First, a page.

Article 15

Report

The Commission shall include information on the implementation of this Regulation in its annual report on the application and implementation of trade defence measures presented to the European Parliament and to the Council pursuant to Article 23 of Regulation (EU) 2016/1036.

Article 16

Final provisions

1.   This Regulation shall not preclude the application of:

(a)

any special rules laid down in agreements concluded between the Union and third countries;

(b)

special measures, provided that such action does not run counter to obligations pursuant to the Shipbuilding Agreement.

2.   An investigation pursuant to this Regulation shall not be carried out and measures shall not be imposed or maintained where such measures would be contrary to the Union's obligations emanating from the Shipbuilding Agreement or any other relevant international agreement.

This Regulation shall not prevent the Union from fulfilling its obligations under the provisions of the Shipbuilding Agreement concerning dispute settlement.

Article 17

Repeal

Regulation (EC) No 385/96 is repealed.

References to the repealed Regulation shall be construed as references to this Regulation and shall be read in accordance with the correlation table in Annex II.

Article 18

Entry into force

This Regulation shall enter into force on the twentieth day following that of its publication in the Official Journal of the European Union.

It shall apply from the date of entry into force of the Shipbuilding Agreement (7).

It shall not apply to vessels contracted for before the date of entry into force of the Shipbuilding Agreement, except for vessels contracted for after 21 December 1994 and for delivery more than 5 years from the date of the contract. Such vessels shall be subject to this Regulation, unless the shipbuilder demonstrates that the extended delivery date was for normal commercial reasons and not to avoid the application of this Regulation.

This Regulation shall be binding in its entirety and directly applicable in all Member States.

Done at Strasbourg, 8 June 2016.

For the European Parliament

The President

M. SCHULZ

For the Council

The President

A.G. KOENDERS


(1)  Position of the European Parliament of 7 July 2015 (not yet published in the Official Journal) and decision of the Council of 15 January 2016.

(2)  Council Regulation (EC) No 385/96 of 29 January 1996 on protection against injurious pricing of vessels (OJ L 56, 6.3.1996, p. 21).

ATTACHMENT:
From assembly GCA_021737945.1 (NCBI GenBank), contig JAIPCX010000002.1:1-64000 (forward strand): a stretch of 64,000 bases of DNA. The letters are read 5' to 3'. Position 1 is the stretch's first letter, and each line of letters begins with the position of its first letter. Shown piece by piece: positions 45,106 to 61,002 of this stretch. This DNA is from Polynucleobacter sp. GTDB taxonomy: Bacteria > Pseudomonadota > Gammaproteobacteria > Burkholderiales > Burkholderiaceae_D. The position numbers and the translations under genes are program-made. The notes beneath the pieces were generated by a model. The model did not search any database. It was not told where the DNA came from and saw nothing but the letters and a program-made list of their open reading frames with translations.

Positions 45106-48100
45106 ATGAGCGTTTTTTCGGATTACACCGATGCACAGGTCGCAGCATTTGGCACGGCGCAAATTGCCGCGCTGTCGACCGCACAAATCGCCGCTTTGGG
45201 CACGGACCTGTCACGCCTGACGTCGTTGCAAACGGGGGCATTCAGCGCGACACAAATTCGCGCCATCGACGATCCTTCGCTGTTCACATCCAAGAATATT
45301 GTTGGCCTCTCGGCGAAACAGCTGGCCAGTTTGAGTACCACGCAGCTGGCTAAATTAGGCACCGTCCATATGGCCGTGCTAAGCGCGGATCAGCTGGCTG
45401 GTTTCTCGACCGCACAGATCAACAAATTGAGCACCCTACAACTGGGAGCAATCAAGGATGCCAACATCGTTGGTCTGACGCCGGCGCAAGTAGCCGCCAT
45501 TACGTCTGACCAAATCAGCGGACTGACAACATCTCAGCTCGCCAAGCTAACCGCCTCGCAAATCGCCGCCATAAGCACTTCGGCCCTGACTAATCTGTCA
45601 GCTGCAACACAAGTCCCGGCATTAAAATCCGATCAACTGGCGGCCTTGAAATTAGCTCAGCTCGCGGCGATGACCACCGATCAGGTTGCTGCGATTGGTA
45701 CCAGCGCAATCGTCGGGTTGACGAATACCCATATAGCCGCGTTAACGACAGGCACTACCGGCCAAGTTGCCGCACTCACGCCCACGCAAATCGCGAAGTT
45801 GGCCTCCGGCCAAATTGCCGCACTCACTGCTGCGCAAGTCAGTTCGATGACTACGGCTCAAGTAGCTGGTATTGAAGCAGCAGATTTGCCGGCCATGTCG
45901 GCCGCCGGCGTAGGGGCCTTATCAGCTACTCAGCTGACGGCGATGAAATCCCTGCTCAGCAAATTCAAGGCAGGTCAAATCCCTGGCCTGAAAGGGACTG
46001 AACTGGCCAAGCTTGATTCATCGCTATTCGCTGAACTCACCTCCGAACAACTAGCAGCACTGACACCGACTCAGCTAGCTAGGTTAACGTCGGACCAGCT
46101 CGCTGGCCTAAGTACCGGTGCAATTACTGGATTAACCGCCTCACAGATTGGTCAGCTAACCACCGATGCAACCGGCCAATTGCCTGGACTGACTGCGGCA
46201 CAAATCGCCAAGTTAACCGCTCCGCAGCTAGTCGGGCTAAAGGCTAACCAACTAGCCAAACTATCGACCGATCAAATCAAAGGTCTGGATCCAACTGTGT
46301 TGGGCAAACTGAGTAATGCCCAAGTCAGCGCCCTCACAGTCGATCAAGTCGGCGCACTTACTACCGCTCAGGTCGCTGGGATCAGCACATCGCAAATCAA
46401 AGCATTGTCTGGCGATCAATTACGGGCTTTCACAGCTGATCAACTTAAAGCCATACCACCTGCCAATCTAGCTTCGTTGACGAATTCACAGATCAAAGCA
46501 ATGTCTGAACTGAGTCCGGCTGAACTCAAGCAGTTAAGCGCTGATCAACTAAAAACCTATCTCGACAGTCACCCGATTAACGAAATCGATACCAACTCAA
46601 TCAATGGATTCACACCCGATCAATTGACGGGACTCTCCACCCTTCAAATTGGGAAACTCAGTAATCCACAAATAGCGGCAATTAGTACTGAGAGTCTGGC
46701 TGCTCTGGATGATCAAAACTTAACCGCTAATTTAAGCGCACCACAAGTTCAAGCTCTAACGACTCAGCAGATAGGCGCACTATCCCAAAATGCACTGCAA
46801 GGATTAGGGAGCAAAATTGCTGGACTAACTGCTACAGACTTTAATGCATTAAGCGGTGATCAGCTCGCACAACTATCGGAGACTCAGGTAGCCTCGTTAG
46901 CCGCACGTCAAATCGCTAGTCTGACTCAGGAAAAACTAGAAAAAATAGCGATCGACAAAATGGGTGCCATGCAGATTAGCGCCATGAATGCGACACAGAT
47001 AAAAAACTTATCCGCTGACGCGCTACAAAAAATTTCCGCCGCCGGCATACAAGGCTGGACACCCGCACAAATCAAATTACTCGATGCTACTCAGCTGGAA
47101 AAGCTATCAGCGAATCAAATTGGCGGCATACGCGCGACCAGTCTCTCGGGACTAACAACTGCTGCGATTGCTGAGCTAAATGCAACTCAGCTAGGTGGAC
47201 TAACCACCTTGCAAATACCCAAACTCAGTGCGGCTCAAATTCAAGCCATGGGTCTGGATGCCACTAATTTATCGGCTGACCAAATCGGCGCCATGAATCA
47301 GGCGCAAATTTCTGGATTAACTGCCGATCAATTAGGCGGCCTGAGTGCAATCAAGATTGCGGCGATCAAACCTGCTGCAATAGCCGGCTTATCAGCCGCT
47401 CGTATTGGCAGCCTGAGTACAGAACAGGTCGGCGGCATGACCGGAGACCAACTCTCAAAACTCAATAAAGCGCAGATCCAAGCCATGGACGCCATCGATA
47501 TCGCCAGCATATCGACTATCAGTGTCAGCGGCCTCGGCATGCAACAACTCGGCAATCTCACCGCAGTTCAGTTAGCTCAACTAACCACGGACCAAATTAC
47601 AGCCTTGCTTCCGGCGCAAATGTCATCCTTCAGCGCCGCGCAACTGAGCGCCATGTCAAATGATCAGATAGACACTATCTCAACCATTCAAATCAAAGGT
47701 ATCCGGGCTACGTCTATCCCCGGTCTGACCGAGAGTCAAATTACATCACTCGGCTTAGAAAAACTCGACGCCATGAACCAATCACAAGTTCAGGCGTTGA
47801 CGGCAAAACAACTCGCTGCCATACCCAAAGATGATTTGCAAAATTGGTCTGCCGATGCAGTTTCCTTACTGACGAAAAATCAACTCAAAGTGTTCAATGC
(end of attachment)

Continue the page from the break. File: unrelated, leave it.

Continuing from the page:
(3)  See Annex I.

(4)  Regulation (EU) 2016/1036 of the European Parliament and of the Council of 8 June 2016 on protection against dumped imports from countries not members of the European Union (see page 21 of this Official Journal).

(5)  Regulation (EU) No 182/2011 of the European Parliament and of the Council of 16 February 2011 laying down the rules and general principles concerning mechanisms for control by Member States of the Commission's exercise of implementing powers (OJ L 55, 28.2.2011, p. 13).

(6)  Regulation (EU) 2015/755 of the European Parliament and of the Council of 29 April 2015 on common rules for imports from certain third countries (OJ L 123, 19.5.2015, p. 33).

(7)  The date of entry into force of the Shipbuilding Agreement will be published in the Official Journal of the European Union, L series.


ANNEX I

REPEALED REGULATION WITH THE AMENDMENT THERETO

Council Regulation (EC) No 385/96

(OJ L 56, 6.3.1996, p. 21)

 

Regulation (EU) No 37/2014 of the European Parliament and of the Council

(OJ L 18, 21.1.2014, p. 1)

Only point 5 of the Annex


ANNEX II

CORRELATION TABLE

Regulation (EC) No 385/96

This Regulation

Articles 1 to 4

Articles 1 to 4

Article 5(1)

Article 5(1)

Article 5(2), first subparagraph, introductory wording

Article 5(2), first subparagraph, introductory wording

Article 5(2), first subparagraph, point (a), introductory wording

Article 5(2), first subparagraph, point (a), introductory wording

Article 5(2), first subparagraph, point (a), first indent

Article 5(2), first subparagraph, point (a)(i)

Article 5(2), first subparagraph, point (a), second indent

Article 5(2), first subparagraph, point (a)(ii)

Article 5(2), first subparagraph, point (a), third indent

Article 5(2), first subparagraph, point (a)(iii)

Article 5(2), second, third and fourth subparagraph

Article 5(2), second, third and fourth subparagraph

Article 5(3) to (10)

Article 5(3) to (10)

Article 5(11), first subparagraph

Article 5(11), first and second sentence

Article 5(11), second subparagraph

Article 5(11), third sentence

Article 5(12), first sentence

Article 5(12), first subparagraph

Article 5(12), second and third sentence

Article 5(12), second subparagraph

Article 6(1) and (2)

Article 6(1) and (2)

Article 6(3), first sentence

Article 6(3), first subparagraph

Article 6(3), second sentence

Article 6(3), second subparagraph

Article 6(3), third sentence

Article 6(3), third subparagraph

Article 6(4), first sentence

Article 6(4), first subparagraph

Article 6(4), second sentence

Article 6(4), second subparagraph

Article 6(4), third and fourth sentence

Article 6(4), third subparagraph

Article 6(5)

Article 6(5)

Article 6(6), first sentence

Article 6(6), first subparagraph

Article 6(6), second sentence

Article 6(6), second subparagraph

Article 6(6), third sentence

Article 6(6), third subparagraph

Article 6(6), fourth sentence

Article 6(6), fourth subparagraph

Article 6(7), first sentence

Article 6(7), first subparagraph

Article 6(7), second sentence

Article 6(7), second subparagraph

Article 6(8) and (9)

Article 6(8) and (9)

Articles 7 to 11

Articles 7 to 11

Article 12(1), first sentence

Article 12(1), first subparagraph

Article 12(1), second sentence

Article 12(1), second subparagraph

Article 12(1), third sentence

Article 12(1), third subparagraph

Article 12(2) to (6)

Article 12(2) to (6)

Article 13

Article 13

Article 14(1) and (2)

Article 14(1) and (2)

Article 14(3), first, second and third sentence

Article 14(3), first subparagraph

Article 14(3), fourth sentence

Article 14(3), second subparagraph

Article 14(4)

Article 14(4)

Article 14a

Article 15

Article 15

Article 16

Article 17

Article 16

Article 18

Annex I

Annex II